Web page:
Last year I tried to theme my year with three words rather than commit myself to resolutions that I knew I wouldn’t keep anyway. I first heard of the concept from Mike Vardy, who in turn took the concept from Chris Brogan. My words last year were Mindful, Endure, and Hygge.
As I reflected on my 2018, I looked not only at how well I subscribed to those three words, but how they indeed influenced some of my decisions. The biggest example I can give for that influence is in a fairly substantial home renovation that we did (new floors, new paint, new furniture). Turns out we ended up with a very cozy family room that fully embodies the Hygge spirit for our family. Just one of the many ways my choice of words worked their way into my 2018.
That reflection on my year was a new concept to me as well. But doing it made me mindful of myself and my decisions last year. It was a worthwhile exercise not only to look at what I did accomplish, but to remember what worked and what didn’t.
This year, I plan to endure in this endeavor and have been deciding what I want my 2019 to look like. I thought about my career, my family, my home, my interests, etc. and tried to pick out some things I hope to accomplish as well as just how I want my year to go! I learned in 2018 that I really do have more of a say in my life than I had previously been taking advantage of. With that, I present my three words and how I think they’ll play a role in my year:
While I worked on becoming more mindful of my decisions, choices, and surroundings last year, this year I hope to work on focusing on the things that are important to me. I have a hard time saying “no” to people and that can stretch me pretty thin from time-to-time. I’m learning to be honest with people about my time (and my abilities) which should help me focus on the things that truly interest me.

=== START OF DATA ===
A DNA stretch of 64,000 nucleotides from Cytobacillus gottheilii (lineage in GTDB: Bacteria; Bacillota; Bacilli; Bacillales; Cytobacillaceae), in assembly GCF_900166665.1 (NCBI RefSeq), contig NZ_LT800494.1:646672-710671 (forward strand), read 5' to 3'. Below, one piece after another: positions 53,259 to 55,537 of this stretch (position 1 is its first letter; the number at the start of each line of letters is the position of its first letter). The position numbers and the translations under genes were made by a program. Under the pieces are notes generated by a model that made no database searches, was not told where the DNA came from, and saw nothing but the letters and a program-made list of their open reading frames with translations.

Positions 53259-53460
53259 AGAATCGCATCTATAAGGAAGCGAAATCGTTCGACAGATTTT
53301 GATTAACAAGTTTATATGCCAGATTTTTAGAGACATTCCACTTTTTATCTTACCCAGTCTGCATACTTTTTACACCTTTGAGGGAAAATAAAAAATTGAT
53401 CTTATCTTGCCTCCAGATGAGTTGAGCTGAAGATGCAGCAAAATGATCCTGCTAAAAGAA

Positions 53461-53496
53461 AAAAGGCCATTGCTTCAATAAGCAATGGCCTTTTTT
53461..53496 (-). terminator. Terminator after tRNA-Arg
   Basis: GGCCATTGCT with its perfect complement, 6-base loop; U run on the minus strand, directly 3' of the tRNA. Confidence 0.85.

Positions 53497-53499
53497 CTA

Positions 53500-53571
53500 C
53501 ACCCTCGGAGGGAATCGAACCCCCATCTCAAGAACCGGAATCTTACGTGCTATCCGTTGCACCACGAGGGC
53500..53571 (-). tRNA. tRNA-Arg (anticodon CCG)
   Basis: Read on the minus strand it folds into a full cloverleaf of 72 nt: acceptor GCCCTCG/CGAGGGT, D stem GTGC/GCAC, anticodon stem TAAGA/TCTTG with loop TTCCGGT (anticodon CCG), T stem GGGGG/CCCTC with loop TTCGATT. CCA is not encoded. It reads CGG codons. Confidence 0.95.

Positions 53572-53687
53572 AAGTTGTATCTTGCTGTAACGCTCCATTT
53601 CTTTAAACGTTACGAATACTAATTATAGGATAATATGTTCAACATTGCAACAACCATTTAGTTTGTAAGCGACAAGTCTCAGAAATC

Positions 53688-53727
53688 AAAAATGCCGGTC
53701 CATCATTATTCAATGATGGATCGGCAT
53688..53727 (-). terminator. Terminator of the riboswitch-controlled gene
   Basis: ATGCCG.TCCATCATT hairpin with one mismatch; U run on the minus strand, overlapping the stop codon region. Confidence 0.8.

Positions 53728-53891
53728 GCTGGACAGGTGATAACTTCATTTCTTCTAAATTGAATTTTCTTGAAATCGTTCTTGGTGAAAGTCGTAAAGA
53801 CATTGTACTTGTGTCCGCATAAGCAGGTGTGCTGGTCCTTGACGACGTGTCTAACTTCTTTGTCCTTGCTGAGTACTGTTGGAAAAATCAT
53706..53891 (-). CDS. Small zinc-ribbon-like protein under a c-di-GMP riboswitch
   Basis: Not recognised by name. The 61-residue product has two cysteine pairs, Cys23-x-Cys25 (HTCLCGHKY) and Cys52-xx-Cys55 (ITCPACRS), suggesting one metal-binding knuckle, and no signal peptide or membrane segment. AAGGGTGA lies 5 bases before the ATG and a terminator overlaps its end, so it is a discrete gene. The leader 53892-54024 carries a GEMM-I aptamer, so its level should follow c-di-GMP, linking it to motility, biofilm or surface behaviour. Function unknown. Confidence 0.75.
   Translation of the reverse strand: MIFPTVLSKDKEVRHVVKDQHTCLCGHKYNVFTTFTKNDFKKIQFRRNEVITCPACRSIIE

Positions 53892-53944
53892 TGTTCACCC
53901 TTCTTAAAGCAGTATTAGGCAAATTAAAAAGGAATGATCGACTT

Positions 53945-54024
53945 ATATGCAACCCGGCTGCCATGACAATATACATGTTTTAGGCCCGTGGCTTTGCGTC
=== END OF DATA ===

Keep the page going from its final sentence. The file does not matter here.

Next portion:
Additionally, I took on a leadership role in my job last year. This means a lot of people come to me with questions, concerns, and just to chat. I really don’t mind, but I do have a hard time knowing when to put the proverbial blinders on and hunker down on something important. I’ll be working on learning to focus and avoid distractions this year.
Sometimes I’m really good at being patient, sometimes I’m not. I come from a long line of hot-headed men that are quick to anger and quick to calm down. As I’ve aged, I’ve gotten better at not getting quite so hot-headed, but I still have work to do.
Also patience goes hand-in-hand with last year’s endure, it seems fitting to continue that virtue. I started meditating regularly last year and found it very helpful. At some point I slipped and never really got back into it. Starting that again should help me work on patience too.
Social media can be so frustrating sometimes with the constant barrage of negativity. I read this quote by Jacob M. Braude last year and it really resonated, “Consider how hard it is to change yourself and you’ll understand what little chance you have in trying changing others.” Since then I’ve cut back my social media time and attention. It really made me realize that rather than trying to respond to somebody’s negativity and feeding into that energy, I’m better off just living a life that I think is right and try to promote love, understanding, and humanity. The word radiate seemed the best choice to embody that concept; especially as the mantra “radiate positivity” is fairly pervasive.
So there you go, my three words that will help theme or guide my 2019. I’ll reflect again next year on how well I did choosing words. I’m very happy with my 2018 words, so here’s to hoping. If you participate this year, I’d love to hear your words in the comments, or leave a link to your blog.
Happy New Year!
Bonus: I created a wallpaper for my laptop last year with the words and decided to do it again this year. Here they are just to hopefully inspire you to follow suit!
Awesome choice of words for the new year. I especially like that quote that inspired you for Radiate! I’m all about that approach too – be the best you, and actually that may create the little positive changes in others you’re hoping for.
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